Seeds of Knowledge

Isolda Kitesashvili became a farmer to help her family out of poverty. She used to be a doctor in Kakheti until early 1990s when she and her husband both lost their jobs. Isolda started farming to survive. She had no knowledge of agriculture and first was barely able to make a living.

In 2008, UNDP opened an agriculture extension centre in Isolda’s neighboring village of Kachreti to help farmers learn about new farming technologies. Isolda immediately saw the opportunity and joined in.

With assistance from the centre, she made her fruit garden famous in the neighborhood. Farmers from all over the region would come to see the new varieties of blackberry and get advice about farming methods.

"I spent 30 years being a doctor. I still miss that part of my life but I see the future in being a successful farmer,” Isolda says.

Small farmers make around half of the workforce in Georgia but the sector of agriculture is still weak and segmented, contributing no more than 10 percent to the national economy. Educational service for farmers can help increase their income and, in the long run, contribute to reforming and modernising Georgia’s agriculture.

UNDP established the first agriculture extension centre in the region of Kakheti in 2008. Small farmers of the region were badly hit by the 2006 Russian import ban on Georgian wines and needed assistance on crop and livestock production.

The extension centre was established under the local professional college to ensure high quality of consultancy services.

The first three years showed unquestionable success of the extension programme. The effectiveness and income of the first 183 member farms increased by at least 55 percent and more and more farmers became interested.

UNDP Georgia Pankisi
Musa Usmanov in a shoe-making shop. Photo: Daro Sulakauri/UNDP

After success in Kakheti, UNDP teamed up with UNHCR and the Government of Switzerland to expand its support to the other regions of Georgia, including Pankisi Gorge, home to approximately 10 thousand of Chechen refugees.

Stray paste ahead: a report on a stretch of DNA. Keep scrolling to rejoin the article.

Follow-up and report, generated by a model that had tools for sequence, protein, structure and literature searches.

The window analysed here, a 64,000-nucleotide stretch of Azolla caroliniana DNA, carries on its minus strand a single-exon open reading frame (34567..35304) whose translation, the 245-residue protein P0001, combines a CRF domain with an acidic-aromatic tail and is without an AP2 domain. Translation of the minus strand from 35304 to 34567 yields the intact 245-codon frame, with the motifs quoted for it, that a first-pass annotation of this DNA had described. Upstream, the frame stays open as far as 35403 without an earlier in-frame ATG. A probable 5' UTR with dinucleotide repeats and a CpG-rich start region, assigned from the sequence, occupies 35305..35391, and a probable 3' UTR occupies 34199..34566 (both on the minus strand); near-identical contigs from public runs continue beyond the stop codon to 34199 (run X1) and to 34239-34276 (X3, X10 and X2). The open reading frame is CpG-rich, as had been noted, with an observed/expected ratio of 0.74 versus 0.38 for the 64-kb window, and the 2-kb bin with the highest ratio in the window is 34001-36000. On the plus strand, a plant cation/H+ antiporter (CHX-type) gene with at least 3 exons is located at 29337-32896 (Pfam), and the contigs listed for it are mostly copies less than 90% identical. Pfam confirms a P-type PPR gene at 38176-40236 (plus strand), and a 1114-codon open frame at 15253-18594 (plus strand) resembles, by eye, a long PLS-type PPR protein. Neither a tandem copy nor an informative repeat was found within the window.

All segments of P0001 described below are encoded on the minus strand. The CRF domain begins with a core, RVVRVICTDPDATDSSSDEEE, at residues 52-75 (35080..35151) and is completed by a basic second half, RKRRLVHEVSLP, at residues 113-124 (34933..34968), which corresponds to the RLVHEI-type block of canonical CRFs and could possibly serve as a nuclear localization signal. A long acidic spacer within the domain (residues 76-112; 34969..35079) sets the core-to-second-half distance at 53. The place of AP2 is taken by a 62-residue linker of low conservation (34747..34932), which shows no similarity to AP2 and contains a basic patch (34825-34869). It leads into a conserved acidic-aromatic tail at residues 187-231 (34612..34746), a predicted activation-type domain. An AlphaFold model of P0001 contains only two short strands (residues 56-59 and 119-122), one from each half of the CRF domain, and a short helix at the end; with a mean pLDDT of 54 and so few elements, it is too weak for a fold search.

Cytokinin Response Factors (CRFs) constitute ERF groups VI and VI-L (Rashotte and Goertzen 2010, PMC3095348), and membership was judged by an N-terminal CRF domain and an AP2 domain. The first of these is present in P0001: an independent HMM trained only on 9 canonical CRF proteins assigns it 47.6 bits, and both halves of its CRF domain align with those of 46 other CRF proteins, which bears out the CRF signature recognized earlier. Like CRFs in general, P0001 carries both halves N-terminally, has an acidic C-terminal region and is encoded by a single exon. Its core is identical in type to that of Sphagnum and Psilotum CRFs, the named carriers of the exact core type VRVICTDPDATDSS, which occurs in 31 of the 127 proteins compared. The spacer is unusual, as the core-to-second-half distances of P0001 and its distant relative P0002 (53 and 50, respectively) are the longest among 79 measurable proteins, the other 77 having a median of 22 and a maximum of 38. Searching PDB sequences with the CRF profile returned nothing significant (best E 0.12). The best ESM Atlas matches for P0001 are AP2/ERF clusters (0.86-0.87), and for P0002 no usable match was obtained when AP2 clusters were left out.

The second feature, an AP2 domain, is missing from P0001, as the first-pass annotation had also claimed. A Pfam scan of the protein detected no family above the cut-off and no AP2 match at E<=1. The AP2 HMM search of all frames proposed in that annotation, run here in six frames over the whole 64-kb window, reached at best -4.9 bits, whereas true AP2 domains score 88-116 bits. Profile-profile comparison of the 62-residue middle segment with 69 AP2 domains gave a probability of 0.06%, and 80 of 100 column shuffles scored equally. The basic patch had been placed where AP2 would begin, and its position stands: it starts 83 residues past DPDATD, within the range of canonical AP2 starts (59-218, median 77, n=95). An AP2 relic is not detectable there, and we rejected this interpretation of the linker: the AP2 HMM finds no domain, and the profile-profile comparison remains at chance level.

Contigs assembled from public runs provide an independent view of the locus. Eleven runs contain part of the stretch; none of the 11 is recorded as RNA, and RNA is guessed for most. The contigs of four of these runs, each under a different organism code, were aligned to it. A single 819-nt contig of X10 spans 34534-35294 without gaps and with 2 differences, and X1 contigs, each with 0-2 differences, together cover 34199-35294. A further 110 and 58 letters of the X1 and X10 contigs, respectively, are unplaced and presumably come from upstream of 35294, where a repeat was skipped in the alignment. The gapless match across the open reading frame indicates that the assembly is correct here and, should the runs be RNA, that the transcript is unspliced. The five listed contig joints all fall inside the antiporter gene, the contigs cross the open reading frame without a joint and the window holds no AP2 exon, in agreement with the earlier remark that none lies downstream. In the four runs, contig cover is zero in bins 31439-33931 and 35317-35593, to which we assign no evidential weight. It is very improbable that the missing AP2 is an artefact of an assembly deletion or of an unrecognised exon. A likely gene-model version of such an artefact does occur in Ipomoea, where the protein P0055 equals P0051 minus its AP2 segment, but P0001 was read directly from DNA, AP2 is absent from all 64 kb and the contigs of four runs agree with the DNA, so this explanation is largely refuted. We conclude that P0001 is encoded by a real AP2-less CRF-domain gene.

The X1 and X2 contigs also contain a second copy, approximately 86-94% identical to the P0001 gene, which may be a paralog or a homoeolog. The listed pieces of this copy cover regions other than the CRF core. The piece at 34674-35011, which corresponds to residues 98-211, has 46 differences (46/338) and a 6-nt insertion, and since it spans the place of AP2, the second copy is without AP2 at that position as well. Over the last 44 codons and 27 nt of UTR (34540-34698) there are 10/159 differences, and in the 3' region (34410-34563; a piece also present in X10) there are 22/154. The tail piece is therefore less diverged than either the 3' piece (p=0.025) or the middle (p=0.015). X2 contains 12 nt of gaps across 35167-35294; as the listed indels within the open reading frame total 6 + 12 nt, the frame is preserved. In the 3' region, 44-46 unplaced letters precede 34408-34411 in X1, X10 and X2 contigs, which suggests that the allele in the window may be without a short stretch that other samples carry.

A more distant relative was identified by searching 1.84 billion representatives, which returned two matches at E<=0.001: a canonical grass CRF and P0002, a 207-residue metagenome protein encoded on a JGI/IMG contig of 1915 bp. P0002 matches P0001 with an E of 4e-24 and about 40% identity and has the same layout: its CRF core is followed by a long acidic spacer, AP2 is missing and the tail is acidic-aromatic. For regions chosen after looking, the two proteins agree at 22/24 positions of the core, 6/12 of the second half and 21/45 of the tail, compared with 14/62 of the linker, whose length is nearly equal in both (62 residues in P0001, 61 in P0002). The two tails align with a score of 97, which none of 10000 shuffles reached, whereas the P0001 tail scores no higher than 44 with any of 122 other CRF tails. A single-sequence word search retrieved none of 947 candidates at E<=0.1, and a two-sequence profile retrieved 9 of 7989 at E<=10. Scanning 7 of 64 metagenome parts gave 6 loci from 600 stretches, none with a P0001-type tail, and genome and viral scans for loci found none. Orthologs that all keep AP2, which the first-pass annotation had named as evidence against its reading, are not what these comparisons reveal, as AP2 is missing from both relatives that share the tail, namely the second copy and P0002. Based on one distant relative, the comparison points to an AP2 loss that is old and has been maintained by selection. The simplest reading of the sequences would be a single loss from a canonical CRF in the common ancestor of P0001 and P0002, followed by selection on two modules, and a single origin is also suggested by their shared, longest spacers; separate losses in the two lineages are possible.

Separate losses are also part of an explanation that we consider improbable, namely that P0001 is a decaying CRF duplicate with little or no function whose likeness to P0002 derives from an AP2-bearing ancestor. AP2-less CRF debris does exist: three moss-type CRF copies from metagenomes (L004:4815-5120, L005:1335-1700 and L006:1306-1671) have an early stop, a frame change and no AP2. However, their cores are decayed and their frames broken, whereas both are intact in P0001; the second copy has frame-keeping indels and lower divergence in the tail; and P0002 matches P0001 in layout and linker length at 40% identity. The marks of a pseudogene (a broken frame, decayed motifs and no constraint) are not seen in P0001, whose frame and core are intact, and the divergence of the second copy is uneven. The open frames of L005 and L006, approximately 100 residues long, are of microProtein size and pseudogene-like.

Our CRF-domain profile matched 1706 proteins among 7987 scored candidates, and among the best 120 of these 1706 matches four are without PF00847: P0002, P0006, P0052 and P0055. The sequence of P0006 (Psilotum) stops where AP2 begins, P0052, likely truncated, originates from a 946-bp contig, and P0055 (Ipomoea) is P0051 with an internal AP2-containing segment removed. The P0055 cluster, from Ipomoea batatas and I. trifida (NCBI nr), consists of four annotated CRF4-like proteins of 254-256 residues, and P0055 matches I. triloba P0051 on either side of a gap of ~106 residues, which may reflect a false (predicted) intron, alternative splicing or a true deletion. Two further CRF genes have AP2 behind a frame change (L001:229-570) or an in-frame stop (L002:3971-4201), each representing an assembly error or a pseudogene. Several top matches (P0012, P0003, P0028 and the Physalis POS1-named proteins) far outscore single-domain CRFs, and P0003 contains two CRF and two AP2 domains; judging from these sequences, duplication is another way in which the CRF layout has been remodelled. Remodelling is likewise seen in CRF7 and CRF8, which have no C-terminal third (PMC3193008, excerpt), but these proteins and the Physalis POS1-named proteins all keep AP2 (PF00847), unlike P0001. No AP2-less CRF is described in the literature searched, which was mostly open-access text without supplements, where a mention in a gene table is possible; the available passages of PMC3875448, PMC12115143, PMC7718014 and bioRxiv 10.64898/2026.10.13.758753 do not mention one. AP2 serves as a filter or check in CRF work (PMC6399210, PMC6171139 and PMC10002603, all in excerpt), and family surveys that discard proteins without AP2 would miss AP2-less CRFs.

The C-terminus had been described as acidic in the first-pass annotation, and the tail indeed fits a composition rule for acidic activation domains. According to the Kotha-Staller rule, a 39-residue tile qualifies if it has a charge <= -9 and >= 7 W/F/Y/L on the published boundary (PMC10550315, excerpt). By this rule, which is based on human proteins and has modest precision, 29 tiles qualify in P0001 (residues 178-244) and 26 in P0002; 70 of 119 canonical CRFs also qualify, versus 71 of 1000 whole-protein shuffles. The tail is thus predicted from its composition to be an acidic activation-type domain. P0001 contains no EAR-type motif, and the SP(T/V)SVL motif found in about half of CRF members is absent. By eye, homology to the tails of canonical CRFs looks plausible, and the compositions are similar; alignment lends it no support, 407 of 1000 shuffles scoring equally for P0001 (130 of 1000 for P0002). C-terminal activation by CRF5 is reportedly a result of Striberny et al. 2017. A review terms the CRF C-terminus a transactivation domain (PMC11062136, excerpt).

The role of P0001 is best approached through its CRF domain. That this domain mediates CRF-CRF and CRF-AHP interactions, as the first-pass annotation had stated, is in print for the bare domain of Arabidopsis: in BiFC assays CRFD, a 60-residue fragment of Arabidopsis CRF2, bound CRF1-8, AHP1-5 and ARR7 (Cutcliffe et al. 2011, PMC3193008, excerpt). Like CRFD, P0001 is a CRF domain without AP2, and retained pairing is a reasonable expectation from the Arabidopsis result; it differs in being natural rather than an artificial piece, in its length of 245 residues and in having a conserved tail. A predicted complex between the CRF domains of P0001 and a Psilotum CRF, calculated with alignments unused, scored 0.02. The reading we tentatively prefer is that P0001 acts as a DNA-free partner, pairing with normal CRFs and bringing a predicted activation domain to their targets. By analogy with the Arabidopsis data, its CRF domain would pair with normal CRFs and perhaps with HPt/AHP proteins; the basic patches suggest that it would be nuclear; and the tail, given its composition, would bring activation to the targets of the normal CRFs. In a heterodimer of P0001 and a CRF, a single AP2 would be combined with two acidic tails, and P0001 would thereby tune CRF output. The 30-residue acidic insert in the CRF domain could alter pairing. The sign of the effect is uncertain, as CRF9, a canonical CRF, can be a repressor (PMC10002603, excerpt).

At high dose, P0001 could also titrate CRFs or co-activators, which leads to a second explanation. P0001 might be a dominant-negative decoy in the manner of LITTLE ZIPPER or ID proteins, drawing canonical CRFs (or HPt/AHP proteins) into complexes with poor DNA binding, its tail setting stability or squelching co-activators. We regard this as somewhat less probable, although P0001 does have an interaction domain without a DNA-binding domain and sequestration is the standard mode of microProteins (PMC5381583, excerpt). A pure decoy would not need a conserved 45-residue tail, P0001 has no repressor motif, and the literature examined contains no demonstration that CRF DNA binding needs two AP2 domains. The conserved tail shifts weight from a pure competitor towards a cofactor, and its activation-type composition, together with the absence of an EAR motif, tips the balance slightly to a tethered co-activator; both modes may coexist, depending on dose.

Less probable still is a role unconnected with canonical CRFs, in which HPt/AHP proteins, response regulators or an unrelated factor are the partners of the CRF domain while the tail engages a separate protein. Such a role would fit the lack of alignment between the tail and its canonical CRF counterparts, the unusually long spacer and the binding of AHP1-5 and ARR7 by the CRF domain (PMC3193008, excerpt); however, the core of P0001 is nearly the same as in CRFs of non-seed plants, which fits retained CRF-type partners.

Highlights

  • Agriculture extension service increases farmers' income by at least 55%.
  • More than 2,000 farmers across Georgia receive help and education in the extension centers.

Musa Usmanov is a refugee from Chechnya. Today, with his wife Rosa and their three children, he lives in a refugee centre.  Musa makes a living by fixing shoes, but he dreams of starting his own cattle farm in the near future. He hopes the agriculture centre will provide him with help and expertise he needs to become a good farmer.

"The consultations I attended were really useful. I would love to breed cattle, but I don’t think I have enough knowledge and experience at the moment. I am consulting with the agriculture centre and hope my dream will soon come true,” Musa says.

More than 2 thousand farmers in Georgia receive help and education through UNDP programmes. The agriculture centers are merged with professional colleges and vocational education sites. This ensures quality consulting and professional experience of instructors.   

Many Georgian farmers seize every opportunity to leave their villages and move to cities. Education and new farming technologies could bring hope to farmers like Isolda and Musa, and breathe new life into Georgian villages.

November 2011

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